Norland's Low Cost Strategy
In osteoporosis, low cost testing means more widespread testing. More osteoporosis is discovered, and more drugs prescribed for treatment. Norland seeks to capitalize on the opportunity in low-cost testing.
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Hologic is garnering more attention these days than it might have in the past because it's just come off an "annus mirabilis." In 2006, Hologic made three vertical acquisitions in the area of breast cancer detection, and it reported stellar financial results. The company is now a market leader in osteoporosis assessment and has an approxmately 50% share of the conventional mammography customer base as well as an early lead in digital mammgoraphy, which is remarkable considering that it is a mid-sized company competing in capital equipment markets against the likes of GE and Siemens.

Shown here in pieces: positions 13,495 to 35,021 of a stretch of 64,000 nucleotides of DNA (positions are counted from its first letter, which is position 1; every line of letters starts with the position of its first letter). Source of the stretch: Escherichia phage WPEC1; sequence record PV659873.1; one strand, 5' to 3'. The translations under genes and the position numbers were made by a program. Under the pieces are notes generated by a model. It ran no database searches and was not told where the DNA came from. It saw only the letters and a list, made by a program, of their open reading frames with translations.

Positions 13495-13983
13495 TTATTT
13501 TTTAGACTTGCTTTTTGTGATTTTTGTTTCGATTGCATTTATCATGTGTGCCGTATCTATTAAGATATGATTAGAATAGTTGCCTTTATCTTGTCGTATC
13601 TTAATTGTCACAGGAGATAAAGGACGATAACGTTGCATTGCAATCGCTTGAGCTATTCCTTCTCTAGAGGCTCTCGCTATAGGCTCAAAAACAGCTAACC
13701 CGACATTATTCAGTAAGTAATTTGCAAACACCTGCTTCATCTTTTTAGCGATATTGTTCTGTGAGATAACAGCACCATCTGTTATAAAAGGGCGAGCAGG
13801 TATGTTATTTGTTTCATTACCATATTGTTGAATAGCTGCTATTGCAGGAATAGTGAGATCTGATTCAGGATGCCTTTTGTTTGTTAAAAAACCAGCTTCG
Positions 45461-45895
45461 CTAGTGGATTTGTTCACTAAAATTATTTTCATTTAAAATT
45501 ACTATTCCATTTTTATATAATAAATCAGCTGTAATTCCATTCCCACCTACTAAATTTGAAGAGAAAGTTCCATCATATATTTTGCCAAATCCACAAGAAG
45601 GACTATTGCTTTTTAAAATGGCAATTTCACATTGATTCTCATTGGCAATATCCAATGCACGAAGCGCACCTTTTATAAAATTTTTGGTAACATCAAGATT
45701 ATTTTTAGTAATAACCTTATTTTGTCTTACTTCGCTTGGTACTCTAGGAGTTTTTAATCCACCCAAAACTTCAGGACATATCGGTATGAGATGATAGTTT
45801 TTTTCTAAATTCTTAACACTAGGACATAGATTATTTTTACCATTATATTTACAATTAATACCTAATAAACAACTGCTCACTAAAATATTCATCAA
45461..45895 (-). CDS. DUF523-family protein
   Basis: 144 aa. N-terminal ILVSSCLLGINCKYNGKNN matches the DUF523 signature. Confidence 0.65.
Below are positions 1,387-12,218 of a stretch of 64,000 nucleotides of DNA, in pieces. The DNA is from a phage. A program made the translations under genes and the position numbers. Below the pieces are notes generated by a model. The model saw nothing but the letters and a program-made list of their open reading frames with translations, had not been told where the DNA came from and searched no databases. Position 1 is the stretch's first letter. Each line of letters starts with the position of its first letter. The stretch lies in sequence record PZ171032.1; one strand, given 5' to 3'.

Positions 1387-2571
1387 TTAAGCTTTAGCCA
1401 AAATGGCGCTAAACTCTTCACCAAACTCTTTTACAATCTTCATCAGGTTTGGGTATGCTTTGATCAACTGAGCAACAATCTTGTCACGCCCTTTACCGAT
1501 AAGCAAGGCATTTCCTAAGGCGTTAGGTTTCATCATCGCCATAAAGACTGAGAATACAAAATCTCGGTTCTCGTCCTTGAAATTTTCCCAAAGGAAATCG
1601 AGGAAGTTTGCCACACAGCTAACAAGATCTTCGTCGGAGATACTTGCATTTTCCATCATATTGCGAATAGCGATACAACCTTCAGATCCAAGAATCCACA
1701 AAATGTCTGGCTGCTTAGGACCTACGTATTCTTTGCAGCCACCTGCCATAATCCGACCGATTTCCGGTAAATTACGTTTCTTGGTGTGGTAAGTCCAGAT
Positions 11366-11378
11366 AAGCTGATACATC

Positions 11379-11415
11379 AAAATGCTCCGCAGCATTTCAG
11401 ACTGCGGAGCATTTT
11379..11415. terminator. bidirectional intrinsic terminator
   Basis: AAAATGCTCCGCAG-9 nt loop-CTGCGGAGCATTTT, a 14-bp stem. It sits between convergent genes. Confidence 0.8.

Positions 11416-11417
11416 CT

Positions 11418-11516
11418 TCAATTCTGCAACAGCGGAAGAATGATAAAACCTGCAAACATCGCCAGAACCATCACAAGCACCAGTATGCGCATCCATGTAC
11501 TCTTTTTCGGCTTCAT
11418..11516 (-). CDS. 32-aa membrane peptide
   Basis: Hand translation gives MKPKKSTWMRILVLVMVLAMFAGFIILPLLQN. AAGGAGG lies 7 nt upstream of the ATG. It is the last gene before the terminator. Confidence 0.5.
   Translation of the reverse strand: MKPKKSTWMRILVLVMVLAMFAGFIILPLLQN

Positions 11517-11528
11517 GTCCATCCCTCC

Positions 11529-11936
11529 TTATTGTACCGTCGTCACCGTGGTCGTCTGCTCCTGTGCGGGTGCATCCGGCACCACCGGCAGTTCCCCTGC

Imatron's electron beam tomography, or EBT, offers clinicians a valuable tool to detect the early presence of heart disease, by looking for calcium deposits that are a surrogate for plaque build-up, and to help them begin treatment or lifestyle changes before heart attacks occur. But adoption or acceptance of EBT has been slow in coming, the result of physician skepticism, consumer ignorance, and most importantly, insurer resistance. Some physicians are skeptical because EBT measures neither restenosis no so-called vulnerable plaque. Things are looking up for Imatron, however. Sales of EBT systems are increasing rapidly due to greater acceptance in the medical community and the launch of the company's own sales force.
Just five weeks before the US election, a Medtech Insight analysis shows medical device companies are spending more on Democrat Joe Biden’s campaign than on Republican Donald Trump’s.